Chaucer claims to place the Knight's Tale just after the General Prologue by chance, the drawing of lots. The Knight draws the short straw, and all are glad for it. The appropriateness of his lengthy tale to follow is clear on some levels, and barely perceptible on others. I intend to launch my investigation of the Knight's Tale with a scrutiny of these three statements, and perhaps we shall find an interesting conclusion in this, albeit a disputable one.
The honorable Host, Harry Bailey, begins this famous day of pilgrimage by calling everyone together to draw lots, "He which that hath the shorteste shal beginne." (838) He calls the Knight to draw first, presumably as a gesture of respect, as he refers to the Knight as master and lord. Harry continues to speak for a short moment, as we have the visual image of the Knight stepping up to claim his straw. The host continues to call up two more pilgrims, but quickly decides that everyone might as well draw in a free-for-all. And surprise! The Knight finds himself holding the short cut. Is it possible that Harry managed to give the Knight the short straw intentionally? "Now draweth cut," says he, "for that is myn accord" (840). A close eye may suggest some punning going on in that line: Now draw the cut (short) straw, for it is my wish. The words "cord" and "accord" were both used in Middle English, so we may be able to find some double meaning there as well. If indeed Harry wishes to give the Knight the "cord," there are several interesting cases to think on: a) the cord is simply the short straw, b) the cord is the hangman's rope, or c) the cord is a unit of wood cut for fuel. The hangman's rope would make for subtle sarcasm, but...
... middle of paper ...
... immediate effects on the Miller, who cares not a bit for courtesy or order but only reckless lust. Hence, the Miller follows with a tale that Palamon could have appreciated, had he not known the ways of chivalry, but only those of lechery.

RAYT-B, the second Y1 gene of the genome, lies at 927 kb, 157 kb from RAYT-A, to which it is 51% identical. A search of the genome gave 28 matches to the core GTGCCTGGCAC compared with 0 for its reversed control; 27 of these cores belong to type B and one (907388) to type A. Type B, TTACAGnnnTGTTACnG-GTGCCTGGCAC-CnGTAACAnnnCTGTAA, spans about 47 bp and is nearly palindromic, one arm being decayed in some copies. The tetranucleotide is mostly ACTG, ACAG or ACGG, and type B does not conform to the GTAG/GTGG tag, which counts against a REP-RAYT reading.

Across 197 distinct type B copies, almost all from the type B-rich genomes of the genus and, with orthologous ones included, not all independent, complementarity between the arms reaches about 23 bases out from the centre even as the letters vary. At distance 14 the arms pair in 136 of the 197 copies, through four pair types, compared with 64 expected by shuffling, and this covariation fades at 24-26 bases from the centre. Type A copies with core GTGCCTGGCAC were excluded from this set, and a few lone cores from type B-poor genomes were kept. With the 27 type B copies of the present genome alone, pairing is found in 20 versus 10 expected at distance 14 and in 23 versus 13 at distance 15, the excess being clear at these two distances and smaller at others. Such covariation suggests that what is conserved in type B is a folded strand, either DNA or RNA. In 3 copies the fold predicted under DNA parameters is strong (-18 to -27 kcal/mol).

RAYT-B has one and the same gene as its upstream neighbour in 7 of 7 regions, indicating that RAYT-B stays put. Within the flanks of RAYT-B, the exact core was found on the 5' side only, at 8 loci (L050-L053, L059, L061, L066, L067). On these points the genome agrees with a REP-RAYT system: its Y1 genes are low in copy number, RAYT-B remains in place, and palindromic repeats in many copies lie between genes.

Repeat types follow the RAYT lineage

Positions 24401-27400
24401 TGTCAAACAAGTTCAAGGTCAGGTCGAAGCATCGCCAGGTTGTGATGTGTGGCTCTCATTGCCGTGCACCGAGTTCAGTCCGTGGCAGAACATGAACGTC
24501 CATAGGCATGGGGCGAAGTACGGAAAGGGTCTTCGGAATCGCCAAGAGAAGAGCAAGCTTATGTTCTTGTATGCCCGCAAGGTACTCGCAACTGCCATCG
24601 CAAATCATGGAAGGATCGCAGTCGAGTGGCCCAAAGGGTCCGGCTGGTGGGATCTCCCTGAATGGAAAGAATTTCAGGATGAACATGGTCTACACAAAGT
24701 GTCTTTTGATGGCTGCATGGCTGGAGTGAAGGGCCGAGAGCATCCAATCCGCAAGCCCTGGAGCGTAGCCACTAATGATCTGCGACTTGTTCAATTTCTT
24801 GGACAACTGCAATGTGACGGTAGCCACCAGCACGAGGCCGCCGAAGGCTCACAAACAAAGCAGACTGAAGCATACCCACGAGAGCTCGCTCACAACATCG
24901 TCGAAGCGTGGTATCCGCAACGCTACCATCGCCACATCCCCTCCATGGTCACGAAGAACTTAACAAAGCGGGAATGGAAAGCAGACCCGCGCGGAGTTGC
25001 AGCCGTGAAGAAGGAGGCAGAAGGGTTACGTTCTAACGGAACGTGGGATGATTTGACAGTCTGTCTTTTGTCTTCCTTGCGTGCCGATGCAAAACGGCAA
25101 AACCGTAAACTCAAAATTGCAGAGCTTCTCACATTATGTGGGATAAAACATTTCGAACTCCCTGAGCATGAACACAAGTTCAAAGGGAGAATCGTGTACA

Works Cited and Consulted
Benson, Larry D., ed. The Riverside Chaucer. Boston: Houghton Mifflin, 1987.
Chaucer, Geoffrey. The Canterbury Tales. The Norton Anthologyof English Literature. Seventh Edition. Two Volumes. Ed. M. H. Abrams. NewYork: Norton, 2000.
Cooper, Helen. The Structure of The Canterbury Tales. Athens: U of Georgia P, 1983.
Modern Critical Views: Geoffrey Chaucer, Ed. Harold Bloom. New York: Chelsea House Publishers, 1985.
Spearing, A.C. Chaucer: The Knight's Tale. Cambridge: Cambridge UP, 1995.
Williams, David. The Canterbury Tales, A Literary Pilgrimage. Boston:
Twayne Publishers, 1987.
Need Writing Help?
Get feedback on grammar, clarity, concision and logic instantly.Check your paper »
- The Knight's Tale As the Knight begins his tale, which he embarks upon without preamble, we are instantly reminded of the stateliness of the Knight, his overwhelming human dignity and moral world view, which Chaucer described in the general prologue. The Knight is the epitome of a man of the first estate - noble and humble, courageous and gentle, a warrior and a saint. As befits his elevated class, he speaks with elegance and seriousness about the important attitudes and values that any human - and a privileged human in particular - should cherish.... [tags: Chaucer Knight's Tale Essays]
888 words (2.5 pages)
- Idealism in the Knight's Tale Despite its glorified accounts of the chivalrous lives of gentlemen, the Knight¹s Tale proves to be more than a tragically romantic saga with a happy ending. For beneath this guise lies an exploration into the trifling world of the day¹s aristocratic class. Here, where physical substance is superseded by appearance, reality gives way to disillusioned canon and emotion is sacrificed for honor. Naïve idealism emerges as the dominant characteristic of the seemingly flawless knight and we, as the reader, are asked to discern the effect of this fanciful quality on the story as a whole.... [tags: Chaucer Knight's Tale Essays]
1671 words (4.8 pages)
- The Knight's Tale in Geoffrey Chaucer's Canterbury Tales The Knight's Tale is one of the twenty-two completed Canterbury Tales by the celebrated English Writer Geoffrey Chaucer (1343-1400). The Canterbury Tales are a collection of 120 stories that Chaucer began writing in 1386, and planned to complete during his lifetime. Each of the tales features a large range of characters in a great variety of medieval plots, along with interesting dramatic interaction. The Knight's Tale itself was completed sometime between 1386 and 1400.... [tags: Knight Tale Canterbury Tales Chaucer Essays]
741 words (2.1 pages)